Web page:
Africa’s civil society gangs up against trade act
by Lewis Machipisa
Harare, 11 Oct (IPS) - African civil society has ganged up to urge African countries not to sign the African Growth and Opportunity Act (AGOA), which was signed into United States law in May 2000 as part of the US Trade and Development Act.
The US government has sent letters to African governments asking them to express interest in being considered for the AGOA. But civil society groups, in a campaign alert on the AGOA, have been busy making representations to governments advising them against joining.
According to the alert passed on by the Ghana-based Africa Trade Network (ATN), the Act purports to grant certain benefits to sub-Saharan African economies if African governments enact certain domestic laws and pursue certain measures.
“African governments must not pursue those measures and laws. If they do, they will be accepting all the unfair measures that exist in the World Trade Organisation’s (WTO) rules that they are now struggling to change,” reads the alert. ATN claims that the US is one of the major powers blocking efforts to change these unfair measures. In addition, the group adds, African countries will be giving in to the new issues that the US and other major powers want to introduce into the WTO and to which African and other developing countries are opposed.
“All this will be in exchange for very little, because the benefits that the Act offers are illusory.”
Concern has been expressed from various quarters about the dangers posed by the Act. The OAU Conference of African Ministers of Trade, meeting in Cairo last September, cautioned African countries against rushing to join the Act in view of the real danger that the Act will undermine ongoing African economic initiatives.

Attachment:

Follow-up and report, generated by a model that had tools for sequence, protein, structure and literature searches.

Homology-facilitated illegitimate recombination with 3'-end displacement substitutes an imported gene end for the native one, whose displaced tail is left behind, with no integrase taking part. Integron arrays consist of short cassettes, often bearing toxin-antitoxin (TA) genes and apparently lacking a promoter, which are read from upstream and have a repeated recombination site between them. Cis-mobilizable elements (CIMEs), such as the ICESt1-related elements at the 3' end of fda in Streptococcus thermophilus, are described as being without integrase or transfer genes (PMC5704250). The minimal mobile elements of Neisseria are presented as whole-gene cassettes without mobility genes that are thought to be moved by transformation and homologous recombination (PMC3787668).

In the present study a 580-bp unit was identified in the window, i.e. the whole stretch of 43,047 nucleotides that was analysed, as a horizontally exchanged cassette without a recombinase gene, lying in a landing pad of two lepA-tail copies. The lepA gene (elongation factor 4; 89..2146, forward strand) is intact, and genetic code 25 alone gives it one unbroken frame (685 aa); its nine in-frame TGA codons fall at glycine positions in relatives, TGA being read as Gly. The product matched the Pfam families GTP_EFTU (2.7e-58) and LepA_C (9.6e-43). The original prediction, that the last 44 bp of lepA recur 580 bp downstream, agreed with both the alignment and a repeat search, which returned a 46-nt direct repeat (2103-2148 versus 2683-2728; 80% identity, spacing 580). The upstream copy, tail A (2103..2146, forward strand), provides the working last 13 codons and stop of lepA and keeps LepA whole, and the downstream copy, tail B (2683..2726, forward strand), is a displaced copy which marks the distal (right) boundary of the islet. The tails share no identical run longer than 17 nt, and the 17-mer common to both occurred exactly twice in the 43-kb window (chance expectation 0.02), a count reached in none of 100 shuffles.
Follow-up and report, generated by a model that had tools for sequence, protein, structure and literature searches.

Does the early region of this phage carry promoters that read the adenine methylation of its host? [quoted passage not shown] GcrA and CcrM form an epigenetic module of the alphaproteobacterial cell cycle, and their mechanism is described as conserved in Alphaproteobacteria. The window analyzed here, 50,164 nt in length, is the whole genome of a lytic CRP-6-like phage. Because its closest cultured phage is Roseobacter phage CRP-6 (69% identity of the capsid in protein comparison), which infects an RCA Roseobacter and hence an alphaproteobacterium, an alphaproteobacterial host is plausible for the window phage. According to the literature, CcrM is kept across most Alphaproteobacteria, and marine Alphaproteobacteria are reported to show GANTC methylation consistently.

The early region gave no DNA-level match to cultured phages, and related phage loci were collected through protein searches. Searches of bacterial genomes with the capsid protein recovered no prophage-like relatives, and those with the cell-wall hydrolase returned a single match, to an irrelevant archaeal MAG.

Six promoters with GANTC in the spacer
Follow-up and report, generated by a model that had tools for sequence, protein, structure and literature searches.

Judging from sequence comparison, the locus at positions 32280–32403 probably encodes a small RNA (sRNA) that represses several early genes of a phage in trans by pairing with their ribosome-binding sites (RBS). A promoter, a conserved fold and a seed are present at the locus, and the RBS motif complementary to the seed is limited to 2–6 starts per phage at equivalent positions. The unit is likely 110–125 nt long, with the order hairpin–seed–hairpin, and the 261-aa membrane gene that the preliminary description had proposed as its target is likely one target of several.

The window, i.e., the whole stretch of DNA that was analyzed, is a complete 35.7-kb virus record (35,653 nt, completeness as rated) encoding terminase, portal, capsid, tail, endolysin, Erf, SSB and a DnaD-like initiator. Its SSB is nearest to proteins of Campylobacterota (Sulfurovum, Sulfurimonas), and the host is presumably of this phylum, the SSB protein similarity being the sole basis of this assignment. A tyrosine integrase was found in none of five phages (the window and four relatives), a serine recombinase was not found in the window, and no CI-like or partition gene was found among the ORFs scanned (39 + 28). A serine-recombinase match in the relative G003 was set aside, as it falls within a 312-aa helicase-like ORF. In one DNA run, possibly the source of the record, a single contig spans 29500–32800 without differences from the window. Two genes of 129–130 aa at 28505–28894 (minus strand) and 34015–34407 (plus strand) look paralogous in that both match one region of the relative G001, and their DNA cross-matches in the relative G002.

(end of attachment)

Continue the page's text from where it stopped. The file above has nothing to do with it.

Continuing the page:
The most publicised benefit of the Act is that it offers duty- and quota-free access to African products in the US market.”This is dubious, because the American government will grant access only to goods that it decides may not negatively affect American producers.” For example, they note, coffee, sugar and other products of economic benefit are not covered.
In the particular case of textiles, the Act is criticised for wanting to promote the use of American raw materials as against African raw materials in the textile products exported to the US. In effect, only those products and apparel using fabric and yarns produced from America will have easy access to the US market.
“When President Clinton signed the US Trade and Development Act in May 2000, he declared that the Act will be good for the United States, good for Africa, good for Central America and the Caribbean,” says the Accra-based ATN’s Tetteh Hormeku.
In reality, however, warns Hormeku, the main beneficiary of the Act will be the United States.
“As far as Africa is concerned, the effect of the Act will be to grant American companies and producers better and more protected access to African economies and markets, while undermining the ability of African countries to pursue their own developmental priorities,” he says.
“Above all it will serve to bind African countries to the very rules of international trade which these countries are struggling to escape in the World Trade Organisation.”